coreceptor\soluble ligand activity5.3284.43417.1576.3815.5519.573
organ development7.5468.7416.9887.6138.2118.94
plasma membrane10.177.8244.9888.0978.0557.088
system development7.927.6097.157.17.2598.943
multicellular organismal process7.3347.0967.3416.6696.95210.309
multicellular organismal development7.0587.0787.2546.5157.178.867
plasma membrane part9.1127.0375.5616.9427.8997.065
developmental process7.7598.4695.5127.0067.2187.351
anatomical structure development7.3266.9116.2896.5756.7698.151
platelet alpha granule5.3284.4348.526.3815.5519.573
 Table 6 

Top 26 pathways derived from the six comparisons and its corresponding Z scores.

PathwayNormal vs IANormal vs IBNormal vs IIANormal vs IIBNormal vs IIIANormal vs IIIBRank

The “/” suggested that the Z score<=1.96

Validation of common cancer genes by real-time PCR

Normal lung fibroblast cell line WI-38 and two LAD cell lines Calu-3 and H1299 were used for qRT-PCR gene expression validation. Calu-3 had medium tumorigenicity but no metastasis characteristic, while H1299 had high tumorigenic and metastasis capacity. The genes in group A (Table 2) were tested by WI-38 and Calu-3 cell lines. They were randomly selected from the DEGs from comparisons of Normal vs IA and Normal vs IB, but did not significantly changed in mRNA expression level in comparisons of Normal vs IIIA and Normal vs IIIB; the genes in group B were verified with WI-38 and H1299 cell lines. They were DEGs (Q<0.05) randomly selected from the comparisons of Normal vs IIIA and Normal vs IIIB.

It was important to notice that in our meta-analysis, housekeeping genes GAPDH and HPRT1 were overexpressed in LAD compared to normal tissues. The result was in consistent with Nguewa et al.'s study, in which they found the GAPDH and HPRT1 were not good internal control genes in lung tissue specimens, but the two genes could be used as internal controls when lung cell lines were applied for the experiment [46]. Our qRT-PCR assay demonstrated that the expression level of GAPDH was stable in the three different lung cell lines. Thus, we used both GAPDH and 18SrRNA as internal controls. The genes with log 2 ratios ≥1 or ≤−1 were determined as significantly changed (overexpressed or underexpressed). As shown in Figure 3, if we considered the significant changes in expression level, the two methods (meta-analysis and real-time PCR) showed 77% consistency in group A and 66% in group B; If we considered the expression tendency, the two methods had matched over 90%. SPP1 showed the opposite regulation tendency (Figure 3B). However, a homozygous partial deletion of p53 protein was existed in H1299 cell line, which might result in the down-regulation of SPP1, a target of p53 and was down-regulated when p53 was silenced [47]. Similar result was obtained when used 18SrRNA as internal control (data not shown). Our analysis suggested a possible relationship between these genes and LAD metastasis.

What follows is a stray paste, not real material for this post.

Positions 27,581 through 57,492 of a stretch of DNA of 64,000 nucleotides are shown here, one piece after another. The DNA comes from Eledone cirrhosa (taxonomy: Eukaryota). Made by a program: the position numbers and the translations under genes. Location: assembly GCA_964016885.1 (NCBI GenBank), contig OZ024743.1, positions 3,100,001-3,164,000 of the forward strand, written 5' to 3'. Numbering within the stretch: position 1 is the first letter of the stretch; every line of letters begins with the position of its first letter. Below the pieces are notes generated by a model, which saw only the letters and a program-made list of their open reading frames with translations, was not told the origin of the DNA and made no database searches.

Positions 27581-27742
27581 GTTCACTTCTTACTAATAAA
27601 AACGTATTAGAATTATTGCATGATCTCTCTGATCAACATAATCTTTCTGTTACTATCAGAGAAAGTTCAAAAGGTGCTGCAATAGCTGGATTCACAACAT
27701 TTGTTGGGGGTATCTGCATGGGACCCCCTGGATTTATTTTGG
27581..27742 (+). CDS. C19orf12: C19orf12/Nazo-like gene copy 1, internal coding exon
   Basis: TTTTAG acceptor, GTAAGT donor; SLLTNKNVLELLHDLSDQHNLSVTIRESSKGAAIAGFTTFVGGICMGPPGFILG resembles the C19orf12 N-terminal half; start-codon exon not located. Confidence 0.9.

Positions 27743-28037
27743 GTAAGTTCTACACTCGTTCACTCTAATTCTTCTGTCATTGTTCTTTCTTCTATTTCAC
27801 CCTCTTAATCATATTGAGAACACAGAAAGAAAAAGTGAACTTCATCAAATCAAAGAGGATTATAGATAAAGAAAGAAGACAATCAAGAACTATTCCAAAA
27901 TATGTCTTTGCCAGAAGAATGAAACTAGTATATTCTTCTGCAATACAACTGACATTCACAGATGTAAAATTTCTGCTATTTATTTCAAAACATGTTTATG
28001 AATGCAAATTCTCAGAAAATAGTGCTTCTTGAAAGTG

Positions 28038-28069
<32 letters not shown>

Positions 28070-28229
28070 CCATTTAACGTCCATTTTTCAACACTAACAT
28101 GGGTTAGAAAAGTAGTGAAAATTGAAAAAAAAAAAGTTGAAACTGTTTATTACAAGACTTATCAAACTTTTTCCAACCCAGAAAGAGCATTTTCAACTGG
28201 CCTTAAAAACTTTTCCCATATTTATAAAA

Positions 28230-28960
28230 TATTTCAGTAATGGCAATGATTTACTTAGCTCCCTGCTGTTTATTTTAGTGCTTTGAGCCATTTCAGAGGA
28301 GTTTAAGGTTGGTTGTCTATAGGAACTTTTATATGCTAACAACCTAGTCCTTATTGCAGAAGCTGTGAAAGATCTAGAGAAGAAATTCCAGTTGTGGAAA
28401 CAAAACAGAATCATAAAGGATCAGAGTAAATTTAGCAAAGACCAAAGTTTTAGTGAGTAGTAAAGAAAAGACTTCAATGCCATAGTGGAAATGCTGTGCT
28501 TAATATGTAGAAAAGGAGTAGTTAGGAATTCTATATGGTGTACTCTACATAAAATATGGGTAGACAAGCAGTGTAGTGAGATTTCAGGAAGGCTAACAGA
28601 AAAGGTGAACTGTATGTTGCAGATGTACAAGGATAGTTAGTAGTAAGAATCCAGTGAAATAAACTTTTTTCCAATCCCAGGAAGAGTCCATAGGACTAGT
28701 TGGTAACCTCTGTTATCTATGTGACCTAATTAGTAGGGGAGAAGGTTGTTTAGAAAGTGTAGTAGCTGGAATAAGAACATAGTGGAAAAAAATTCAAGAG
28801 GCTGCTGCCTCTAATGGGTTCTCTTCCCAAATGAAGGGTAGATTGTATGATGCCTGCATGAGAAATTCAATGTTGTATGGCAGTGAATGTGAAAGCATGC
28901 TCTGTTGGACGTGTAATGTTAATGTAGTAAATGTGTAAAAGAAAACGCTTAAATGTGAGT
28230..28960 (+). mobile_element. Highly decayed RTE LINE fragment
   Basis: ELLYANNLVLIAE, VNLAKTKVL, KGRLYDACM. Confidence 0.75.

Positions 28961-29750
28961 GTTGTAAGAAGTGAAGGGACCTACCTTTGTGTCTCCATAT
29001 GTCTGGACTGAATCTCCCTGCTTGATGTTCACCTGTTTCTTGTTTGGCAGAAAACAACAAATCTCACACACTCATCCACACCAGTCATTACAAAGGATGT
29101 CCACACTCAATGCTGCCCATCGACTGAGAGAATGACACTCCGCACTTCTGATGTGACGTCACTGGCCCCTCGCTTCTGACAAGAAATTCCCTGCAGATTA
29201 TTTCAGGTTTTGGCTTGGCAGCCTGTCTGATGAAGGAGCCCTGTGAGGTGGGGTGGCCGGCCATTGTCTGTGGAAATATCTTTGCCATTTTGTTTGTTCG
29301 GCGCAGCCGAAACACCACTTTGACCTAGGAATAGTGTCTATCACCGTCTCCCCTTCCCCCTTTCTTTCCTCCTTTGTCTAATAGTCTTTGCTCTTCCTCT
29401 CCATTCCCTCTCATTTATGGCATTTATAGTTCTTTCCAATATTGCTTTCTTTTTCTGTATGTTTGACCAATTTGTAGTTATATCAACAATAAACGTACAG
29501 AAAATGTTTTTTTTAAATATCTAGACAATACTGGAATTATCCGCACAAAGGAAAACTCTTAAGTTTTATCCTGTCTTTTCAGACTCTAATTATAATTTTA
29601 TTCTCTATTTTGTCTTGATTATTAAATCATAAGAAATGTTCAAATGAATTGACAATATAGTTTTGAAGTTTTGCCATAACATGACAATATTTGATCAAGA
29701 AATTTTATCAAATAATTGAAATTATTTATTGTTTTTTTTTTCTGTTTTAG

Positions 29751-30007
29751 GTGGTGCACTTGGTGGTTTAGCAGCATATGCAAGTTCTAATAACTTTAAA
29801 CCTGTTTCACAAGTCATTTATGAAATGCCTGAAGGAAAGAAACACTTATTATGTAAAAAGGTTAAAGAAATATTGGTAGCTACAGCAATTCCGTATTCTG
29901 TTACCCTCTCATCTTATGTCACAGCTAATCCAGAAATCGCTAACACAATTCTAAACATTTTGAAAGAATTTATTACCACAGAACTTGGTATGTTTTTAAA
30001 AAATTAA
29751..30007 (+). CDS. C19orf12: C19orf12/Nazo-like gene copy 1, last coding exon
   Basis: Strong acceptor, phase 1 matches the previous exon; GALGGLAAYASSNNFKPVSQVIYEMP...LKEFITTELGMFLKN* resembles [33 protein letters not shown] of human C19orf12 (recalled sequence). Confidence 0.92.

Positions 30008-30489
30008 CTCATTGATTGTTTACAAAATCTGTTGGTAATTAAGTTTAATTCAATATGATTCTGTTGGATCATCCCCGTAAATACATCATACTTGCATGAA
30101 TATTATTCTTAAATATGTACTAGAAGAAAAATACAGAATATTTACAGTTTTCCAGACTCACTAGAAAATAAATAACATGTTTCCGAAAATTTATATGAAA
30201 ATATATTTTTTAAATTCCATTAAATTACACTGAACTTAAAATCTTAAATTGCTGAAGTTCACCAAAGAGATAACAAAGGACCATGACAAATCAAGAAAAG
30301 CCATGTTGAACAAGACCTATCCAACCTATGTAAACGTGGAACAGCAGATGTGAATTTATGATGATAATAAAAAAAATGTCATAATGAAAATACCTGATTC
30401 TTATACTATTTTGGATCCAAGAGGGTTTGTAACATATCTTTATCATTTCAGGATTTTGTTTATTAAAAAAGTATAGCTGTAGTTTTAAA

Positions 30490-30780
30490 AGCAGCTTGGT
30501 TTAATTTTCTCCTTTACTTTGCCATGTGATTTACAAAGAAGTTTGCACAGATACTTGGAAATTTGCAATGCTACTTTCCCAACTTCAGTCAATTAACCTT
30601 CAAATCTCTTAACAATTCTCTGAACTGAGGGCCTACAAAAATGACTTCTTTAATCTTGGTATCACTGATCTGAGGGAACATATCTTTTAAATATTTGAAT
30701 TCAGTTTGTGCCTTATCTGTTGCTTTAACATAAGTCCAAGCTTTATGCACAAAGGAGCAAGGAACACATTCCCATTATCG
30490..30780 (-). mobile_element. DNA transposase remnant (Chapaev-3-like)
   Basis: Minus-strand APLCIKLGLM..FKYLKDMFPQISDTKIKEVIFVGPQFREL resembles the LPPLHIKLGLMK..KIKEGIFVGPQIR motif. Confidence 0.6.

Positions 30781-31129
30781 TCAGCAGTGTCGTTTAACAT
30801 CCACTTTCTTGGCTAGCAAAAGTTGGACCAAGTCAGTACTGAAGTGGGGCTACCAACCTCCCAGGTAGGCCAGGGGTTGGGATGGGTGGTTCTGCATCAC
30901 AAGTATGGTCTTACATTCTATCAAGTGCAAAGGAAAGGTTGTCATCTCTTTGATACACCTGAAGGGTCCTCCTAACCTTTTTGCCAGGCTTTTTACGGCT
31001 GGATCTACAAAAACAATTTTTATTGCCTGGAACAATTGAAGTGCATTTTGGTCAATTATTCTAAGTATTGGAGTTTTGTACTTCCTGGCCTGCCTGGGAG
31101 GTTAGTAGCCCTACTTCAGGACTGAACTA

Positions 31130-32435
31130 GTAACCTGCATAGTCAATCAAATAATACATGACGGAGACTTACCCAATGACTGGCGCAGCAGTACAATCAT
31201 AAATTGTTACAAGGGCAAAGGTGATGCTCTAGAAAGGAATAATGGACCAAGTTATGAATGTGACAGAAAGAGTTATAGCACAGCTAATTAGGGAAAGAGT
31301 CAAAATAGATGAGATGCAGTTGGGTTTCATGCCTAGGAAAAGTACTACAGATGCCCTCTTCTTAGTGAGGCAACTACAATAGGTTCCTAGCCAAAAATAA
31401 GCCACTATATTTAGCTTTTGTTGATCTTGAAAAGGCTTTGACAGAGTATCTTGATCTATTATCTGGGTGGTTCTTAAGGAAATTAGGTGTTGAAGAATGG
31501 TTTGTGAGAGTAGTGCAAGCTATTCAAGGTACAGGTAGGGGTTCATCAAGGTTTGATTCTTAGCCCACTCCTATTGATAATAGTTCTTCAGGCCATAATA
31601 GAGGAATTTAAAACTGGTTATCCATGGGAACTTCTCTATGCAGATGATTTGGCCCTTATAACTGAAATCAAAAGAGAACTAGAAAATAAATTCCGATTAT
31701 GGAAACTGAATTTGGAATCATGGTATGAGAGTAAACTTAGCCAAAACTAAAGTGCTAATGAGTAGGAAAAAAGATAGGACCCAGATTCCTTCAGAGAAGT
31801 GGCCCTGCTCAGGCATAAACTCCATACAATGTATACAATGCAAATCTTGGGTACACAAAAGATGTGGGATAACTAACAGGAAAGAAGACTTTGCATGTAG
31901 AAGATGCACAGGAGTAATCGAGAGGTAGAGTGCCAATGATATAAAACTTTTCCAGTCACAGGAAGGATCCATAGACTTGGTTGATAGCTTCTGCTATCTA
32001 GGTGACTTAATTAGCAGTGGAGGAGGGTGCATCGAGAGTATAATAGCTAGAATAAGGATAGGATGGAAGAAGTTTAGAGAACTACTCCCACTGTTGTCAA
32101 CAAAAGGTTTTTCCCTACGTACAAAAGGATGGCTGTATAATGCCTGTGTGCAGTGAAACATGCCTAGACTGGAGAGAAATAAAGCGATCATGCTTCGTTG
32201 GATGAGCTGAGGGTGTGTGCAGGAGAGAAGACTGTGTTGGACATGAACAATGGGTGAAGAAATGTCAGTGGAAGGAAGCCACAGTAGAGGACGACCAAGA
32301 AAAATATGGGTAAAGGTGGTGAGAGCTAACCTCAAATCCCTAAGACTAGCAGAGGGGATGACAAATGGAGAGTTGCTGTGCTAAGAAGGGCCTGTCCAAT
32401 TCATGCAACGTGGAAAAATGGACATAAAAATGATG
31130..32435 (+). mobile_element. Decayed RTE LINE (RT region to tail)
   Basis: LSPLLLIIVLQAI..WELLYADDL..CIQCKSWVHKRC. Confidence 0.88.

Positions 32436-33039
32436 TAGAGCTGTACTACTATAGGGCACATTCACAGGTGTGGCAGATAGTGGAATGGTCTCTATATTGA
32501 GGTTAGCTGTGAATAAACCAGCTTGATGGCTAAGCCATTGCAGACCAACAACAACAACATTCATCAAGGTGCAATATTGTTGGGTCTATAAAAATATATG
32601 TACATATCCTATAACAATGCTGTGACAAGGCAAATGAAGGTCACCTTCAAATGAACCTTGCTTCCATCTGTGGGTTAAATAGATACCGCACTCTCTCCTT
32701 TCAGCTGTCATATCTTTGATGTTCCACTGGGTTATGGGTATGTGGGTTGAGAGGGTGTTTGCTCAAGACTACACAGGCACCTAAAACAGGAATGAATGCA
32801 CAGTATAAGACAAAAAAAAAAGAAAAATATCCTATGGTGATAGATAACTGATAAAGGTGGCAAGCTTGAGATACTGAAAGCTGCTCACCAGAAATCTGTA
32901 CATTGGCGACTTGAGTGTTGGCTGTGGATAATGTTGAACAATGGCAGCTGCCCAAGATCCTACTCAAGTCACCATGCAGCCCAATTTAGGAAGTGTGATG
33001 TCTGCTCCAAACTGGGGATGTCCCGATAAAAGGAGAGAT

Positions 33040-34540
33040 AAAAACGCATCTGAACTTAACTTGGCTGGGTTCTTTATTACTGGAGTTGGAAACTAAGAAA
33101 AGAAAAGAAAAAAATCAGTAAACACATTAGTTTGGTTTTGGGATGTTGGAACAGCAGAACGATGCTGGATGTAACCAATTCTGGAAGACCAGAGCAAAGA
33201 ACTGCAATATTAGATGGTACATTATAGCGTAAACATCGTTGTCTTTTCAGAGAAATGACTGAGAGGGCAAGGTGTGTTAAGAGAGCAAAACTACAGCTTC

Sample size, DEGs and pathways

Table 3 showed that small sample size in the comparison would lead to fewer DEGs. To investigate the effects of sample size, we compared the Q values of meta-analysis combining only two datasets for the 18 genes tested with real-time PCR. The results in Figure 4 showed that the Q values from meta-analyses combining Dataset2, the one had the smallest sample size, always showed higher Q value than those analyses combined without Dataset2. Thus, meta-analysis integrating small sample size dataset led to fewer DEGs, as well as false negative.

The pathway calculation in Genmapp was influenced by the number of DEGs and total genes. Since we imported the same total genes in the six comparisons, the calculation of significantly regulated pathways (SRPs) were mainly determined by the DEGs. More DEGs would result in more SRPs (Table 3). The comparison Normal vs IIA revealed only 4 SRPs which might arise from fewer DEGs. Thus, we only compared the SRPs in other five comparisons.

Interestingly, if comparison Normal vs IIA was deleted in the pathway analysis, we found that Oxidative Stress, Glycolysis/Gluconeogenesis and Integrin-mediated cell adhesion pathways were not significant in the comparison of Normal vs IA, but were significant (Z>1.96) in other four comparisons.

 Figure 3 

Real-time PCR validations of 18 candidate genes. Bars represent log2 fold changes of the selected genes with differential expression between A) Calu-3 and WI-38, B) H1299 and WI-38. Positive represents up-regulated and negative represents down-regulated in tumor cells compared with normal lung cells. The group A gene TYRP1, DDR1, RUNX3, GRB7, SMARCC1, CEACAM1, CTGF showed >2-fold change in mRNA expression level, which were in consistency with the result of meta-analysis. NT5E and LIMK1 showed no significant change in mRNA expression; the fold changes were 1.19 and 1.1, respectively. The group B gene MPP1, GPX3, ACE, STAT5A, ID3 and CDKN1C showed >2-fold change in mRNA expression level, which were in consistency with the result of meta-analysis. The expression of VIM and HMGA1 had the same up- and down- regulation tendency compared with the meta-analysis result, but showed no significant change in real-time PCR analysis. SPP1 showed the opposite regulation tendency.

Int J Biol Sci Image (Click on the image to enlarge.)
Int J Biol Sci Image (Click on the image to enlarge.)
 Figure 4